An Upcoming Pure Play 3-D Printing Company IPO

An Upcoming Pure Play 3-D Printing Company IPO

Those interested in investing in the fast-growing additive manufacturing, or 3-D printing, industry will soon have another option. Germany-based Voxeljet filed for an initial public offering on Sept. 17 to raise up to $100 million. The company will join 3D Systems , Stratasys , and ExOne as the pure play 3-D printing companies trading on major U.S. stock exchanges when it lists on the NYSE under the ticker VJET.

Could Voxeljet be an attractive investment? Where does it fit into, and how might it alter, the industry landscape?

Pricing terms weren't disclosed, so we can't get a feel for valuation, such as price-to-sales or price-to-earnings ratios. But, this tech IPO does have earnings. We can, however, look at some financials and potential competitive advantages.

Big build boxes & big competition
Voxeljet provides high-speed, large-format 3-D printers and on-demand parts services to industrial and commercial customers. It offers five platforms priced from $163,000 to $2.1 million. The company was founded in 1999, and one of the founders and the key inventor of its technology, Dr. Ingo Ederer, is CEO.

It's not involved in the consumer market, so in this respect, it's more similar to ExOne, an industrials pure play. 3D Systems and Stratasys offer primarily consumer and commercial printers. Also like ExOne, its on-demand parts printing service accounts for a large portion (55% in the first half of 2013) of its business. It's now in the process of more than doubling the size of its German service center -- which it believes to be one of the largest in the EU -- to 40,000 sq. ft. and plans to use IPO proceeds to establish service centers in North America and Asia.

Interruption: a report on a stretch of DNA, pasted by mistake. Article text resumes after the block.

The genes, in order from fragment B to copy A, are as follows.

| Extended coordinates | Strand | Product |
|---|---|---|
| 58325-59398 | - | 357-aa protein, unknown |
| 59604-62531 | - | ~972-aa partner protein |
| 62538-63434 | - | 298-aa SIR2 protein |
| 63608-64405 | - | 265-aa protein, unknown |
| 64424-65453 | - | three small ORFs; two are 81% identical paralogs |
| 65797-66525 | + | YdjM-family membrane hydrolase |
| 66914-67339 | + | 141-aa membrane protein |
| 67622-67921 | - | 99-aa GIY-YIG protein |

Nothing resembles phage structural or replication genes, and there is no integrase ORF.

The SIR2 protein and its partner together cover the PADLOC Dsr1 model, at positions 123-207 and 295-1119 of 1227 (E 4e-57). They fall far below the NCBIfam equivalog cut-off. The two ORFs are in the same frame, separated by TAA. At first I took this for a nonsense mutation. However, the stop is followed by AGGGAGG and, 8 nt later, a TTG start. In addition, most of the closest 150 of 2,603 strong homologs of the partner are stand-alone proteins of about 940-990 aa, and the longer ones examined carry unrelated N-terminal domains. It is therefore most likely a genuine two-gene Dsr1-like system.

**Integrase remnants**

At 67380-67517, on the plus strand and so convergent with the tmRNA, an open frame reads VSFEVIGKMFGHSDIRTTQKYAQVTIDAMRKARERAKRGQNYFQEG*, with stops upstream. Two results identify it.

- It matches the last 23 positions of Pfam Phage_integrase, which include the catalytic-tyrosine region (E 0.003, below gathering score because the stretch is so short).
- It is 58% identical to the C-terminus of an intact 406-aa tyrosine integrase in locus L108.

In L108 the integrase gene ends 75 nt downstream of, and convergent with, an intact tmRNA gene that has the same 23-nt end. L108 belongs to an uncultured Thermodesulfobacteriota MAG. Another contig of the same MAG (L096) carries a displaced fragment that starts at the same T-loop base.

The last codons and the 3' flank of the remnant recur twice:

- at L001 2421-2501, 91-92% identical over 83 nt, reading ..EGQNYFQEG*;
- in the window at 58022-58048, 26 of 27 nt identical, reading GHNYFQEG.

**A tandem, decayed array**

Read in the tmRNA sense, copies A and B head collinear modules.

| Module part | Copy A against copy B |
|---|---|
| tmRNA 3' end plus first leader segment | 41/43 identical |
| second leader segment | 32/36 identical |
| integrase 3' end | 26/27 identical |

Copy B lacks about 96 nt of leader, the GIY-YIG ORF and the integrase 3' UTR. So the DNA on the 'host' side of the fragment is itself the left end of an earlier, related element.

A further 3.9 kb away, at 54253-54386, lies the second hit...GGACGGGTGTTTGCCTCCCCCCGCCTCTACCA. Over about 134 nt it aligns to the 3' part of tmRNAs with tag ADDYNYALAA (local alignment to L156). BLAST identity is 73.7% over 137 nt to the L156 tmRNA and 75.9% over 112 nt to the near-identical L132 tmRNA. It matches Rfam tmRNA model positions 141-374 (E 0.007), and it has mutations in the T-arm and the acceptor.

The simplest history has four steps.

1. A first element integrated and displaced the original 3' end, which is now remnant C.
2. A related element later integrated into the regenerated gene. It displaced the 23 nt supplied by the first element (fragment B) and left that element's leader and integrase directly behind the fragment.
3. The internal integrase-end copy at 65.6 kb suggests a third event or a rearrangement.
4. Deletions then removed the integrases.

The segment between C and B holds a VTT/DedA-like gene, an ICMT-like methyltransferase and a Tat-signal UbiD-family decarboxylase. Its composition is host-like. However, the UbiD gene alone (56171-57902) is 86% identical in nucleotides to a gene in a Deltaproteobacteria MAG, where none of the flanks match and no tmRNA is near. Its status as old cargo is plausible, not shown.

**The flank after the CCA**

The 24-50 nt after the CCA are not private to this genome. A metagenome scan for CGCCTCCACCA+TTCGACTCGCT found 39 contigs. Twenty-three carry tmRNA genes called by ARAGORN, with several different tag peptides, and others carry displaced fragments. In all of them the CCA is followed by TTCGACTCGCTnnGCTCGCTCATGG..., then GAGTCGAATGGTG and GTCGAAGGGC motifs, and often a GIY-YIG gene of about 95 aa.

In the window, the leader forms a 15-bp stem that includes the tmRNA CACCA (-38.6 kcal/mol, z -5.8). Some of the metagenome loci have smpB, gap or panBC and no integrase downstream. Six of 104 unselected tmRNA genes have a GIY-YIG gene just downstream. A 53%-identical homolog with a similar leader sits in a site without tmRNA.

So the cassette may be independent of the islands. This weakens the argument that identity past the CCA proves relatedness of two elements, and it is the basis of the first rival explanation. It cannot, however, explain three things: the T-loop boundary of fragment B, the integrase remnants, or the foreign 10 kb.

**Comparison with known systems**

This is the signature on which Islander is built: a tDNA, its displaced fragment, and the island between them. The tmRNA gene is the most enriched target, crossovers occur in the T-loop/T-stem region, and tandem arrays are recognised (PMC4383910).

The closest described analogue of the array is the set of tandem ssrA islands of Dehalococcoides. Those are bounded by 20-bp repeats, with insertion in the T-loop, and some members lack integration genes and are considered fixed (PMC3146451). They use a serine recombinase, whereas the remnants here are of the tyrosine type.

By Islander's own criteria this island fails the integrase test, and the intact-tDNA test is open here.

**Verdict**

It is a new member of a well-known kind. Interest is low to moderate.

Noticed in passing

Its printers use powder binding technology, which involves chemical binding agents used to bind together the material being printed. ExOne uses a similar technology. Voxeljet's printers have several sand and plastics capabilities. It's currently developing new material sets, including additional sands, PMMA-based plastics (think Plexiglas), ceramics, silicon carbide, tungsten carbide, wood powder, and cement.

ExOne is the primary competitor on the sand end, as its machines also produce sand molds, which industrial customers use to cast metal components. ExOne also sells machines that have industrial metals and glass capabilities. 3D Systems and Stratasys are competitors on the plastics end.

Given the similar technology and sand-based castings focus, it's not a surprise that there's a Voxeljet-ExOne link. In 2003, Voxeljet granted ExOne exclusive rights to make and sell machines related to certain patents and technology using binders and sand-based casting in return for royalty payments. Voxeljet can use these patents for printers working with plastics. The prospectus states: "We believe these restrictions will not materially impact the growth of our business, as we have developed processes which do not rely upon the subject patent portfolio and associated agreements."

The obvious question: How do these two companies' sand-based castings technologies compare?

I don't have input at this point, but it's a question ExOne investors and those considering investing in Voxeljet should explore. These companies are direct competitors. Further, they're now each expanding or planning to expand in the other's home turf. Voxeltjet plans to open service centers in North America as well as Asia. And ExOne announced in August that it's building a facility that will double its footprint in Germany.